Out this weekend on HULU is the movie “Pinball – The Man Who Saved the Game”. This movie tells the tale of pinball legend, Roger Sharpe. I highly recommend watching this to get a great history of the early pinball days.  On July 19th, 2019, I had the honor of interviewing Roger Sharpe to discuss pinball and his Walter Day Trading Cards.  I hope you enjoy this great interview.

Our next Trading Card Spotlight features Roger Sharpe, who is displayed on card number 204, from the Superstars of 2012 Collection.  Roger is also featured on trading cards 841 and 1709.  Roger’s impact on the pinball industry dates all the way back to the 1970’s and is still going strong today. Roger was responsible for securing the rights to hundreds of licensed themes including some of the top pinball games in history such as The Addams Family, Star Trek and Twilight Zone.  Roger was also the Managing Editor of Gentlemen’s Quarterly and the Editor of Video Games Magazine as well as feature writer for numerous publications and the author/contributor to twelve books, including PINBALL!  He was co-founder of the Professional and Amateur Pinball Association (PAPA) and currently the Co-Director of the International Flipper Pinball Association (IFPA).  Roger’s children Josh and Zach also play a huge part in the family history as President and Vice-President of the IFPA organization.

Are you fan of the new digital pinball machines and what makes them better or worse than the standard machines?

I am a fan of digital pinball machines if we are comparing them to standard ‘mechanical’ machines. They do offer a completely different challenge and experience. However, for the most part, what they do lack is level of physical interactivity one experiences from playing a standard pinball machine. But for many, the games are enjoyable, and the more people play any type of pinball is great for pinball.

What was the best era for Pinball gaming in your opinion?

There really have been so many ‘Eras’ for pinball with much due to various technological advancements from pure mechanical games to electro-mechanical, solid state and now the state of the art. But for purists maybe the late ‘50s and ‘60s for Gottlieb machines, the mid to late ‘70s for Bally machines and then the surge of pinball from the late ‘80s through the ‘90s led by Williams and Bally.

In your opinion, are there enough or too little Pinball Expos and conferences held each year?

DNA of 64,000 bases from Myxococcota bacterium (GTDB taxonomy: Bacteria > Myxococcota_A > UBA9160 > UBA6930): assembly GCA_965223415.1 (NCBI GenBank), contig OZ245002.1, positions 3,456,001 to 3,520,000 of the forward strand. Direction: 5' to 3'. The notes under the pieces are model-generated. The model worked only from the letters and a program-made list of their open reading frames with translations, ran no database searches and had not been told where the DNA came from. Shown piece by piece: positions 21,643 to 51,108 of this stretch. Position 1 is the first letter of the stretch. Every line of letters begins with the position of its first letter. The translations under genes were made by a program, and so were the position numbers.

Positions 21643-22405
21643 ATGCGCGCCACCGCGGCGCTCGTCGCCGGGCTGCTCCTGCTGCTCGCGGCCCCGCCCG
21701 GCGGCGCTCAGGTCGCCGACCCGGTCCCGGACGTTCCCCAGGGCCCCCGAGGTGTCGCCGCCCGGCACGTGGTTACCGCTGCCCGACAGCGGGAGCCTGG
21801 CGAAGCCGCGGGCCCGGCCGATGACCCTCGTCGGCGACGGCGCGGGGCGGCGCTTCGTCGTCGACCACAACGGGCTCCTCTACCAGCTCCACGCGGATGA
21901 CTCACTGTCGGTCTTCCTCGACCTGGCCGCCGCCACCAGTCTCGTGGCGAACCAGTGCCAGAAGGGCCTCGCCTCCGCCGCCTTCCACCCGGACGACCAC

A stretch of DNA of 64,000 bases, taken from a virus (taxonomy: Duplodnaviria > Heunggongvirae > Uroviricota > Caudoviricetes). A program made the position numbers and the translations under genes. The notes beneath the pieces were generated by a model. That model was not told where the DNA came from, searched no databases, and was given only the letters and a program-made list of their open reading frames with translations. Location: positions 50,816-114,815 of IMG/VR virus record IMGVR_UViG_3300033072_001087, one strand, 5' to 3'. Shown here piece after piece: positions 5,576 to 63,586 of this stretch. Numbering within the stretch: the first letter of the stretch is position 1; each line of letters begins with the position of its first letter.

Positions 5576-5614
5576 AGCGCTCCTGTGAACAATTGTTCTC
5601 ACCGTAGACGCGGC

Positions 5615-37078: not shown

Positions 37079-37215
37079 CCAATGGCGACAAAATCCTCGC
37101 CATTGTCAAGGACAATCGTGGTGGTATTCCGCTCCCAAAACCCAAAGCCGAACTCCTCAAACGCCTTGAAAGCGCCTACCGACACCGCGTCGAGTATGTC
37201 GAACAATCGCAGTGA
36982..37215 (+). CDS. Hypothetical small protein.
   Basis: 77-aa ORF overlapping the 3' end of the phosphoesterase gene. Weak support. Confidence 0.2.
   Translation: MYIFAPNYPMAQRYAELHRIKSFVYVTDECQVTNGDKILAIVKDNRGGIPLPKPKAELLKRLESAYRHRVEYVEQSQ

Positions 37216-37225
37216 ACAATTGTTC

Personally, I am amazed but also extremely gratified by the surge in popularity for Pinball and the fact that all the various Expo’s and events being staged annually around the world is a direct result of the increased interest and excitement surrounding Pinball. Admittedly, if there wasn’t an audience for any given Expo, it probably wouldn’t take place and, if anything, the numbers are growing each and every year.

What’s your opinion of the Console Pinball games (Xbox, PlayStation) that recreate the original machines onto the TV screen?

Having been directly involved in the very early ‘virtual’ pinball games on the Nintendo System as well as for the PC and then again, with foresight and the Williams/Bally Catalog; I think these efforts and so many others have helped introduce a new generation of pinball players. And for those who don’t have the space or finances to own their own ‘mechanical’ pinball machine, at least they are still able to experience the wonders of the silver ball.

Did you agree on the pinball ban in New York City on the 1970s?  What is your opinion on this topic?

When I first moved to New York City, I wasn’t even aware that pinball was illegal. For me the direct result led to my writing my pinball book and testifying in New York as well a getting the opportunity to design pinball machines and, ultimately, move back to my hometown of Chicago to work at Williams Bally/Midway. To take it one step further, it has also become an integral part of my son’s lives. So, although I could never understand the legal restrictions placed on pinball, not only in New York City but elsewhere, if it weren’t for the ban, my life would have been completely different. So, I suppose, the ban was a positive for me personally.

Do you remember your first pinball machine you played and what do you remember about it?

Well I did recount that experience in my pinball book although, admittedly, the game I played while standing on an orange crate was a baseball pitch and bat machine. If anything, the first ‘meaningful’ game that had an impact was Gottlieb’s ‘Hurdy Gurdy’. It was the machine upon which I perfected my pinball playing skills and also the first game I ever ‘turned’.

What are your opinions about today’s generation of pinball?  How do you compare them to older, classic machines?